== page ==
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In this, the first of two ground-breaking volumes on the nature of language in the light of the way it evolved, James Hurford looks at how the world first came to have a meaning in the minds of animals and how in humans this meaning eventually came to be expressed as language. He reviews a mass of evidence to show how close some animals, especially primates and more especially apes, are to the brink of human language. Apes may not talk to us but they construct rich cognitive representations of the world around them, and here, he shows, are the evolutionary seeds of abstract thought - the means of referring to objects, the memory of events, even elements of the propositional thinking philosophers have hitherto reserved for humans. What then, he asks, is the evolutionary path between the non-speaking minds of apes and our own speaking minds? Why don't apes communicate the richness of their thoughts to each other? Why do humans alone have a unique disposition to reveal their thoughts in complex detail? Professor Hurford searches a wide range of evidence for the answers to these central questions, including degrees of trust, the role of hormones, the ability to read minds, and the willingness to cooperate. Expressing himself congenially in consistently colloquial language the author builds up a vivid picture of how mind, language, and meaning evolved over millions of years. His book is a landmark contribution to the understanding of linguistic and thinking processes, and the fullest account yet published of the evolution of language and communication. "A wonderful read - lucid, informative, and entertaining, while at the same time never talking down to the reader by sacrificing argumentation for the sake of 'simplicity'. Likely to be heralded as the major publication dealing with language evolution to date. Frederick J. Newmeyer, University of Washington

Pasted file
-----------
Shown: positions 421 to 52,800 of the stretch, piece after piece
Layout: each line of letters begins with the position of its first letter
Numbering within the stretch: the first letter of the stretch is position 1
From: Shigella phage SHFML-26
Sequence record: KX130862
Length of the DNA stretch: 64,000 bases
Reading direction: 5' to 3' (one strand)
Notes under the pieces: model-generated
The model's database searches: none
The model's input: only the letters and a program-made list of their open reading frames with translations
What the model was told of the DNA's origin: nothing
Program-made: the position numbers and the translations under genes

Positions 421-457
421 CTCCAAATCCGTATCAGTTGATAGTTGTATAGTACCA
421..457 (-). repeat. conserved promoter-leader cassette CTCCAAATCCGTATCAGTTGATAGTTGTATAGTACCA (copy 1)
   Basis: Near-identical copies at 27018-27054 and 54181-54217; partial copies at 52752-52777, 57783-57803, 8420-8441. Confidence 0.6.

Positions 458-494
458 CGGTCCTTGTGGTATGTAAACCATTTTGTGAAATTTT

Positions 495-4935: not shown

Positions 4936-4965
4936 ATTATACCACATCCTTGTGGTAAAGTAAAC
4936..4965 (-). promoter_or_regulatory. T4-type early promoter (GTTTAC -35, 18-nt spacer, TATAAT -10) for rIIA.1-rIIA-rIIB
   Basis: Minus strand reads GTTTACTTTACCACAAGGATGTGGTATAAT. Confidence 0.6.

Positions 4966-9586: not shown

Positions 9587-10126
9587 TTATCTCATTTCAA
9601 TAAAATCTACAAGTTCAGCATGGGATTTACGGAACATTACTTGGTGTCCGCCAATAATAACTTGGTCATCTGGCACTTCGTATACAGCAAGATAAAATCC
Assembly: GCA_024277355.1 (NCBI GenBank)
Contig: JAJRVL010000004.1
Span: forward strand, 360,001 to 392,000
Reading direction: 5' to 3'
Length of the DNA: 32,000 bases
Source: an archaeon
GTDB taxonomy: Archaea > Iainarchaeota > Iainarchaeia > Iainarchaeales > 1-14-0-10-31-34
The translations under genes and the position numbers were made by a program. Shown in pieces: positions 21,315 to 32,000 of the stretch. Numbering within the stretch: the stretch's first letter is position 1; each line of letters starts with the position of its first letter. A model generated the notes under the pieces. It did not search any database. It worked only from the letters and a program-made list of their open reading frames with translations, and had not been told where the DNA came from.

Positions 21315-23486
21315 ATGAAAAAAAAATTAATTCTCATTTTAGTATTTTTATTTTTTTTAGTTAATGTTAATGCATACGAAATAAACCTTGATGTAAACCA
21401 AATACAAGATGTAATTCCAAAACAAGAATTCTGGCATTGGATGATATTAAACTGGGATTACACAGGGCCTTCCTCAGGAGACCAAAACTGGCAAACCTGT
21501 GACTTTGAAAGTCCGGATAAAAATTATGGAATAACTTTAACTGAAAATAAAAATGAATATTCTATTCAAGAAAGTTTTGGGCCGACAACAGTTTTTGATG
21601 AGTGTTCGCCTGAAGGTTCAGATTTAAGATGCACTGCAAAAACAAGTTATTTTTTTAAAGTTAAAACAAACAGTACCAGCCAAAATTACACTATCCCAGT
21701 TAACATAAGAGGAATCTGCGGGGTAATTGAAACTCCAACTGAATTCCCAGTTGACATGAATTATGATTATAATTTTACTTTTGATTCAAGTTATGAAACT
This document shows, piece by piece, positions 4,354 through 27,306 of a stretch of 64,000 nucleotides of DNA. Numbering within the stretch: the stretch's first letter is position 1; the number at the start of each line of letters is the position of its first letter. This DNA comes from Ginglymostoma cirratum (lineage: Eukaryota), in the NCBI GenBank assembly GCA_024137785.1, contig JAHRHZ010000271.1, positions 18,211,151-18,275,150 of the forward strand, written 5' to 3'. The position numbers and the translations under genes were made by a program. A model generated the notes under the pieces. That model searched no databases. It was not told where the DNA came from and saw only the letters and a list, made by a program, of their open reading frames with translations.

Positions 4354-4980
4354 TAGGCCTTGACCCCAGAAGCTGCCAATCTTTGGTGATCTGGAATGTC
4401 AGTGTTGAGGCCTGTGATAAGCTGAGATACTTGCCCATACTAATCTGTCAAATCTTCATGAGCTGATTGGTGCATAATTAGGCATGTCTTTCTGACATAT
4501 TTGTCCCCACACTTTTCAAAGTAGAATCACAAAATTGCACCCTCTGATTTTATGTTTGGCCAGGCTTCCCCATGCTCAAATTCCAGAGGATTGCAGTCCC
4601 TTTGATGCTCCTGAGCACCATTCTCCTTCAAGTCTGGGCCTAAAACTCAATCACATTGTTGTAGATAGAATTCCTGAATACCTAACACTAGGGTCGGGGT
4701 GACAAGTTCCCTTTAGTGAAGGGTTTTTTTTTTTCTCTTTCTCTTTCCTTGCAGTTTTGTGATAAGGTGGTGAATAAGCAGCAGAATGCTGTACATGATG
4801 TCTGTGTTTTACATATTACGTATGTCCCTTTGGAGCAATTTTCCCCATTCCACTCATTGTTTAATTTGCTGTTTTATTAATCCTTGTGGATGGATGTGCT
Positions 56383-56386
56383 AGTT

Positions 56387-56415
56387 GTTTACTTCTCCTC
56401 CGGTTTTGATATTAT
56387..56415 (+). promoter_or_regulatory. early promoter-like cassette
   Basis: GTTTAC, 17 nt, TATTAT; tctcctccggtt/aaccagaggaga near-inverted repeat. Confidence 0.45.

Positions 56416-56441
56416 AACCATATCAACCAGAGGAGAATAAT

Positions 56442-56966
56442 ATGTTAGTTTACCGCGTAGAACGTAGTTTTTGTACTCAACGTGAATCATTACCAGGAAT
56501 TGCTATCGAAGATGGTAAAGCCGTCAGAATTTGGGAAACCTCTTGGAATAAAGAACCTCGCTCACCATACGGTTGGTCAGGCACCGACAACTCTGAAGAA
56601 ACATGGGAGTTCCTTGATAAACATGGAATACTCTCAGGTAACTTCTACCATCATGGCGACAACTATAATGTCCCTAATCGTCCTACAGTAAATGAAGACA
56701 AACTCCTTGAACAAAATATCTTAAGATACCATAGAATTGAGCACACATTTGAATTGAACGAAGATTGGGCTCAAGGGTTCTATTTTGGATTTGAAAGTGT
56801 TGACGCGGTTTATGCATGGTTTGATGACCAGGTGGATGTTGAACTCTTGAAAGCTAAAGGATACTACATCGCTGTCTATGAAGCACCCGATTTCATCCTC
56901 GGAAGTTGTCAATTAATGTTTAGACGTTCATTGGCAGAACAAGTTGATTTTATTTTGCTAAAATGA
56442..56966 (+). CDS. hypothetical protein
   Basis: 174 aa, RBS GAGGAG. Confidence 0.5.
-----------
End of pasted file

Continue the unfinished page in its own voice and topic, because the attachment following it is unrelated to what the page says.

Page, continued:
The Symbolic Species: The Co-evolution of Language and the Brain